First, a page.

This might seem like an obvious thing, but here's a tip when developing games:
CHECK YOUR SPELLING!
Depending on the environment you work in, different amounts of text input is needed to make things work. For the designer it can be none existing because everything is drag 'n drop, or it can be mid-range and requires you to enter some asset names and stuff or it can be "extreme" and require you to do actual text scriping/coding.
Pretty much regardless of the environment, and regardless of your position, you should try and make sure to spell things correctly, and at very least, always spell it the same way.
If members of the development team are required to write the same thing as someone else it's an must that they use the same system, which is preferably correctly spelled English.
If there are problems with having the entire team spell things the same way, you can lose countless time on trouble shooting why things aren't working.
It's spelled platform, not plattform. If you're gonna write plattform, at least do it all the time. And make sure not to be sloppy and write plattfrom. If you're unsure if it's spelled movable or moveable, look it up or chose one and stick by it.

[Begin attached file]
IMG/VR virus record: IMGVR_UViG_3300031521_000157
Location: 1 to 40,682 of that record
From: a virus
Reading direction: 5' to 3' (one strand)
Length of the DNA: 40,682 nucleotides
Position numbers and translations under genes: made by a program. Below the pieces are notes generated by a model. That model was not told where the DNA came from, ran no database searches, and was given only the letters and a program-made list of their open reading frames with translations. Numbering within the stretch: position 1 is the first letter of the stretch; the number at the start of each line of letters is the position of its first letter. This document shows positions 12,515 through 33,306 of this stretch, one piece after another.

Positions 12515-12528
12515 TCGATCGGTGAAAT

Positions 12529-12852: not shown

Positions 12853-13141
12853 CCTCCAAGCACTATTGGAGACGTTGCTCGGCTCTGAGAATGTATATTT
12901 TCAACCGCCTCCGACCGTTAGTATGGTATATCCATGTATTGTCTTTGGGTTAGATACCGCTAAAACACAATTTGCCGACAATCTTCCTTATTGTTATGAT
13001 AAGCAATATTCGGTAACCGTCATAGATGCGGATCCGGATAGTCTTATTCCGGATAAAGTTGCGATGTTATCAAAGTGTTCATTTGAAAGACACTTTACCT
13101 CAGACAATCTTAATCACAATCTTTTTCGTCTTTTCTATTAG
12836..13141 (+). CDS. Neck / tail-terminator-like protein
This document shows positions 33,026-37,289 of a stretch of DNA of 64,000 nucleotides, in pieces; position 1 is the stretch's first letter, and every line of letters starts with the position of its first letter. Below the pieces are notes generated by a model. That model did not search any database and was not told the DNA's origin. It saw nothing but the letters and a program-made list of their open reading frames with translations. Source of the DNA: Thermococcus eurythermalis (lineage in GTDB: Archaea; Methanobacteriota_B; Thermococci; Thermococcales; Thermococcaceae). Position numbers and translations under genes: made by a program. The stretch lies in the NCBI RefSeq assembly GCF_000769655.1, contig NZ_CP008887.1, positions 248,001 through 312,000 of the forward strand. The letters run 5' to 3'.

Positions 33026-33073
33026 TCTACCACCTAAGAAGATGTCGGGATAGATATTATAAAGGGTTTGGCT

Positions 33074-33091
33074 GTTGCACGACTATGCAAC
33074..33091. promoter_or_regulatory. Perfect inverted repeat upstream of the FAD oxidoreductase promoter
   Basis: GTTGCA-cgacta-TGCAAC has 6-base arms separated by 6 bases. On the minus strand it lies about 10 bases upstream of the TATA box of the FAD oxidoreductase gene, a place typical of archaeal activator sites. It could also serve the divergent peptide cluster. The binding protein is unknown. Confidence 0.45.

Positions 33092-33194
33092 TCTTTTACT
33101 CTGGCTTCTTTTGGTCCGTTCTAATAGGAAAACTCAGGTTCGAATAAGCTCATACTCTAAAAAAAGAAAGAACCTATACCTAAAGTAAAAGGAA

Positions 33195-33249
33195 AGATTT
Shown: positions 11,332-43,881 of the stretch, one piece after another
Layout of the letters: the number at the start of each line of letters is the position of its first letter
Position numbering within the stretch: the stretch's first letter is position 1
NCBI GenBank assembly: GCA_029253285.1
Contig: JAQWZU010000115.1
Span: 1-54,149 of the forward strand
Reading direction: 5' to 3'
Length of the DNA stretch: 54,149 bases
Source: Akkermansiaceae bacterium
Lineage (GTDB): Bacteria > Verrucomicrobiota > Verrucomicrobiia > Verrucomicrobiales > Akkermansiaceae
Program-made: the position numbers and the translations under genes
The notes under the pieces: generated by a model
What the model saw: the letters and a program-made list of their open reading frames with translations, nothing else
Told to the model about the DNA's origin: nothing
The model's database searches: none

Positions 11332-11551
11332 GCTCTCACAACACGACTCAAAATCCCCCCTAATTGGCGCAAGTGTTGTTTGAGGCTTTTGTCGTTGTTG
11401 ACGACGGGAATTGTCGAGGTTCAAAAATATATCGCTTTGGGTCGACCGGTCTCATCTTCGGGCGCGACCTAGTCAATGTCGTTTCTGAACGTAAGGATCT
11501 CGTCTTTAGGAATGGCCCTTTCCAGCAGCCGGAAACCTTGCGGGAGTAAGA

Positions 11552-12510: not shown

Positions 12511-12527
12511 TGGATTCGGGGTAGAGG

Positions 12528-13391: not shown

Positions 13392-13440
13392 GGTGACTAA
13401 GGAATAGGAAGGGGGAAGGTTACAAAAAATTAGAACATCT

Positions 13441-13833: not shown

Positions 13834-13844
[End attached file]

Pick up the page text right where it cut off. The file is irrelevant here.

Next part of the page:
As I said, it may sound obvious but then prove it by never making that misstake and you'll make the world a better place.
Thanks in advance.
Okay, enough game design for today.
I was thinking that I've been trying several different kinds of documentation. The classical "document", wiki and even Power Point to name a few.
If I have to chose a "favorite" I'd say it's the good ol' document, even though I could tell you enough stories about how they're not great untill your hair turns grey, if it isn't already. (I don't know how old you are or what color your hair is. And if you're bald, I don't mean to offend you.)
It's common for people to say that the best kind of documentation depends a lot on the team. The size, the people, etc. I absolutely agree with that, but I also start to think more and more that I depends even more on what kind of game it is.
Maybe something as "straight forward" as a Four of a kind puzzle game works great with a regular document, while a complex Role Playing Game might work better with a Wiki.
Unfortunately I don't know what kind of game works best with what kind of writing.
What kind of documentation do you prefer to read, to write or to work with?